According to Jasper and Paz, there are a lot of alternative events in Austin hosted at locations like, The Electric Church and The Tunnels. 

“Killer Tits play a lot,” Paz said. “They’re a great band. All of the girls are really nice, fun to talk to and honestly, everybody who goes to shows like that, are so nice. Even though there can be rude people, there’s a sense of community.”

According to Jasper, their interest in gothic subculture majorly stems from fashion, specifically from genres and groups like mallgoth and tradgoth, both of which have accents of color from 90s-2000s media influence. This style of clothing can be found from brands Lip Service, Tripp NYC and Demonia.

“My main interest is collecting mall goth clothing/brands such as these,” Jasper said. “And, collecting gothic staples such as platform shoes/boots and band tees. I have a specific interest in gothic characters such as Lenore, Siouxsie Darkside, Emily the Strange, Skelanimals, Gris Grimly, Ruby Gloom and Scary Miss Mary.”

According to Paz, she was partially introduced to the trad-goth style through her visits to punk shows in downtown Austin. 

“They’ve made me want to get more into the subculture because they’re all so unbelievably cool,” Paz said. “They all have the bats nest going on, hairspray galore, eyeliner, white face paint and that black jawline cut with the black face paint.”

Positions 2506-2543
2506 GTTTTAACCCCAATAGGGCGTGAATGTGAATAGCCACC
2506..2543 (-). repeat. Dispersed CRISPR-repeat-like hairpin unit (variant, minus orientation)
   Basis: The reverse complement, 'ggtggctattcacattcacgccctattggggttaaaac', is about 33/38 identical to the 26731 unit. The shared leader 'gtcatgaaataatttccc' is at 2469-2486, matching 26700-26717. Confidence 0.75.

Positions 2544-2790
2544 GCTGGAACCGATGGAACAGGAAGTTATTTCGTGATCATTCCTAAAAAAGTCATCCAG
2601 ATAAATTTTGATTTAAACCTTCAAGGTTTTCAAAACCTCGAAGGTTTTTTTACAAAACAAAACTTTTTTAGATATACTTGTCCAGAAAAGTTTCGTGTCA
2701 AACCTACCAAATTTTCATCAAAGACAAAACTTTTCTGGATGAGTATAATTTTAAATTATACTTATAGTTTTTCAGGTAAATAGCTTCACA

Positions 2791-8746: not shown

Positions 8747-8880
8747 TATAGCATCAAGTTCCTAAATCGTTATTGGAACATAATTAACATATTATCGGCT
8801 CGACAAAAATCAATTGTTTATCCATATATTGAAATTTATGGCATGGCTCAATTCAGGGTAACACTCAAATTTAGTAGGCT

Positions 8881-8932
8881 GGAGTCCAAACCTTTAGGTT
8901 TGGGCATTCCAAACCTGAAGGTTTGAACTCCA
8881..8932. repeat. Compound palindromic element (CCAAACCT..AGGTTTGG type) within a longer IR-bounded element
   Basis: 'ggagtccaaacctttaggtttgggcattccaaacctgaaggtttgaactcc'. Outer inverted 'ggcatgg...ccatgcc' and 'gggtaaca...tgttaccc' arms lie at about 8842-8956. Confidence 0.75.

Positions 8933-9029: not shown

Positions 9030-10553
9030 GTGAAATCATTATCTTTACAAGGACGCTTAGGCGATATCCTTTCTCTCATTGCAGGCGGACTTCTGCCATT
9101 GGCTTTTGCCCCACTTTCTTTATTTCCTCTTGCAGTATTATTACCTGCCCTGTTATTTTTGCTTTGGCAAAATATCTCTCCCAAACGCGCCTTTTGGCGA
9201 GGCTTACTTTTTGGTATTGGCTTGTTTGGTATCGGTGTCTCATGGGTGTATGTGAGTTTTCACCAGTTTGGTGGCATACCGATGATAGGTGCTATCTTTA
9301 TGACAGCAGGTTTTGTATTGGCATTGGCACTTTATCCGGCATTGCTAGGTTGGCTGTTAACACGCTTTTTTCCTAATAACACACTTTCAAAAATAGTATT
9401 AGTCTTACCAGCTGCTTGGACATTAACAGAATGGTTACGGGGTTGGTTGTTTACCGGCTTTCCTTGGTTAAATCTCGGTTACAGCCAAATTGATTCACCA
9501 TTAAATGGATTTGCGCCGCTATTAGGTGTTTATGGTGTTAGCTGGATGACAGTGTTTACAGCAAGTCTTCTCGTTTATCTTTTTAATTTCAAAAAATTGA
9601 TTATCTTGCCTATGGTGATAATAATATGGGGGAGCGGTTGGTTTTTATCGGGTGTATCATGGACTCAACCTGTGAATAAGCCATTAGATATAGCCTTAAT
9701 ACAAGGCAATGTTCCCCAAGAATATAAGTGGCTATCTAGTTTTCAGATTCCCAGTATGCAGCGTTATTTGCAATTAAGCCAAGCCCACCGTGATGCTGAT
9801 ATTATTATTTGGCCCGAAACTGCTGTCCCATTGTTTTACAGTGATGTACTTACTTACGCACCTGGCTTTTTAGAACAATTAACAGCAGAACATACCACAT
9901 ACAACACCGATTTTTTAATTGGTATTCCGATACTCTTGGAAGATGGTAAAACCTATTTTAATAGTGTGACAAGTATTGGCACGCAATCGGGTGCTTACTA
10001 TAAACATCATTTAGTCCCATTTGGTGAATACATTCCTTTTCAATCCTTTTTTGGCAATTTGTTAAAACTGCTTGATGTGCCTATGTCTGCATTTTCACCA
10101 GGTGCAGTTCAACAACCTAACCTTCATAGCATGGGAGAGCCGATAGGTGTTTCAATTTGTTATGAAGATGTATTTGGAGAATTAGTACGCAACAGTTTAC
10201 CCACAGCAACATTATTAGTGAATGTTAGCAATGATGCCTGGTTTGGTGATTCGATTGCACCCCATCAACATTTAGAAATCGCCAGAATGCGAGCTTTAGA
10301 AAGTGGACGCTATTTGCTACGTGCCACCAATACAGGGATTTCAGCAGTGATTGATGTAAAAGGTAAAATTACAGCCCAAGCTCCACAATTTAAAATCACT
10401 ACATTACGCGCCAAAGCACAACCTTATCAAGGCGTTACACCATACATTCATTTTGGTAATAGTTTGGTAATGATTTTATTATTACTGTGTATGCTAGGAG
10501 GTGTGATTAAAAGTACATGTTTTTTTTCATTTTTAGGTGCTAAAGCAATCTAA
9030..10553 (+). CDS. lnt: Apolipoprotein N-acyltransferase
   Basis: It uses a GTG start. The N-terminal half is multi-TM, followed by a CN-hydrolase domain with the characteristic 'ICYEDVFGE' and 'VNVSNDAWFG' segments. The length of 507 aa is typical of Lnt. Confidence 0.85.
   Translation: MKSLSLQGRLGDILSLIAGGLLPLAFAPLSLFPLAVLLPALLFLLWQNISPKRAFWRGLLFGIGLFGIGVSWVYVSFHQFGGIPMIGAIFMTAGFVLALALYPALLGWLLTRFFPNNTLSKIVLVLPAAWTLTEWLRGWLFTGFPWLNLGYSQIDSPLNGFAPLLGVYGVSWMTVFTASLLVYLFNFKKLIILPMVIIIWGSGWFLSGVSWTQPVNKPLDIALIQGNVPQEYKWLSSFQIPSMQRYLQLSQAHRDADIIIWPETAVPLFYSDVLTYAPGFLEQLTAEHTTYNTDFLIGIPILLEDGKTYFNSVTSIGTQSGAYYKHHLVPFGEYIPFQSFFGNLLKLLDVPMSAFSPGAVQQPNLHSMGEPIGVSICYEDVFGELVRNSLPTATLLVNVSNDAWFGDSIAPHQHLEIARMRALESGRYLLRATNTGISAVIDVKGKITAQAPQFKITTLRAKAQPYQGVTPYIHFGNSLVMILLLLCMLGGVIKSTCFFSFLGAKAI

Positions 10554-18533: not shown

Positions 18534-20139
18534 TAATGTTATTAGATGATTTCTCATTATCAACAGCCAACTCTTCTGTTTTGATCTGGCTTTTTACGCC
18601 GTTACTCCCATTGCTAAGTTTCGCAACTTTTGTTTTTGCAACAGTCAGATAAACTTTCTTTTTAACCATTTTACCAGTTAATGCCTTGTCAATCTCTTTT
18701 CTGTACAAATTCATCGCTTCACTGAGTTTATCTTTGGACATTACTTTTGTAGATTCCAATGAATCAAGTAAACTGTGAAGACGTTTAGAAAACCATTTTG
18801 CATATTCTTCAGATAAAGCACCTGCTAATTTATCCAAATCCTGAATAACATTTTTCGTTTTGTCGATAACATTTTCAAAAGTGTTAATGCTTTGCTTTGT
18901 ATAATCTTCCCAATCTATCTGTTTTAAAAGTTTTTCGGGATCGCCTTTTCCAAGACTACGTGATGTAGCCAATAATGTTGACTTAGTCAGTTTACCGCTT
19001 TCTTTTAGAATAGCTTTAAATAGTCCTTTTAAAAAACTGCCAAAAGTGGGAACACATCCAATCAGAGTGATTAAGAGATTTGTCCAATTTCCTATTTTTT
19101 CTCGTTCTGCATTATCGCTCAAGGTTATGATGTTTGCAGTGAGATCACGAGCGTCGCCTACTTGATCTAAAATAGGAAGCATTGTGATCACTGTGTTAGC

Though gothic rock music often plays with themes of death, morbidity and melodrama, certain bands like Siouxsie and The Banshees can be fun, not depressing to listen to, according to Paz. 

Bands like Cannibal Corpse, for example, express themselves viciously through their music when in actuality, their lead singer collects stuffed animals for fun. Depeche Mode is said to have great connections with their audiences and is the source of inspiration for many bands, like Linkin Park and The Killers. 

“I feel like a lot of people think that alternative music in general is just screaming and aggressively strumming a guitar, but it takes a lot of work to be able to make something like that and to keep doing it frequently,” Paz said. 

For Jasper, their true connection lies with alternative subculture, a community they would describe as incredibly nuanced in their expression of genuine mental health struggles, struggles such as suicidal tendencies and intrusive, obsessive thoughts. 

“Music and fashion are the only two things that help me express how I feel and think,” Jasper said. “My current identity is rooted in learning to accept my mental health struggles and use them to create media that evokes negative emotion.”

Jasper recommends alternative clothing stores in Austin like Secret Oktober, Aaron’s Rock n’ Roll and Bloody Rose Boutique. Paz recommends one of the first all-female goth bands, Kitty, complimenting their astounding screaming capabilities. 

“I had a dream that I met Robert Smith and I fell to my knees and I just started crying,” Paz said. “I was like a ball on the floor and he was just standing there, watching me. He’s my icon.”

Note: World Goth Day is celebrated on May 22.

Sources: https://www.openculture.com/2017/05/a-brief-history-of-goths-from-the-goths-to-gothic-literature-to-goth-music.html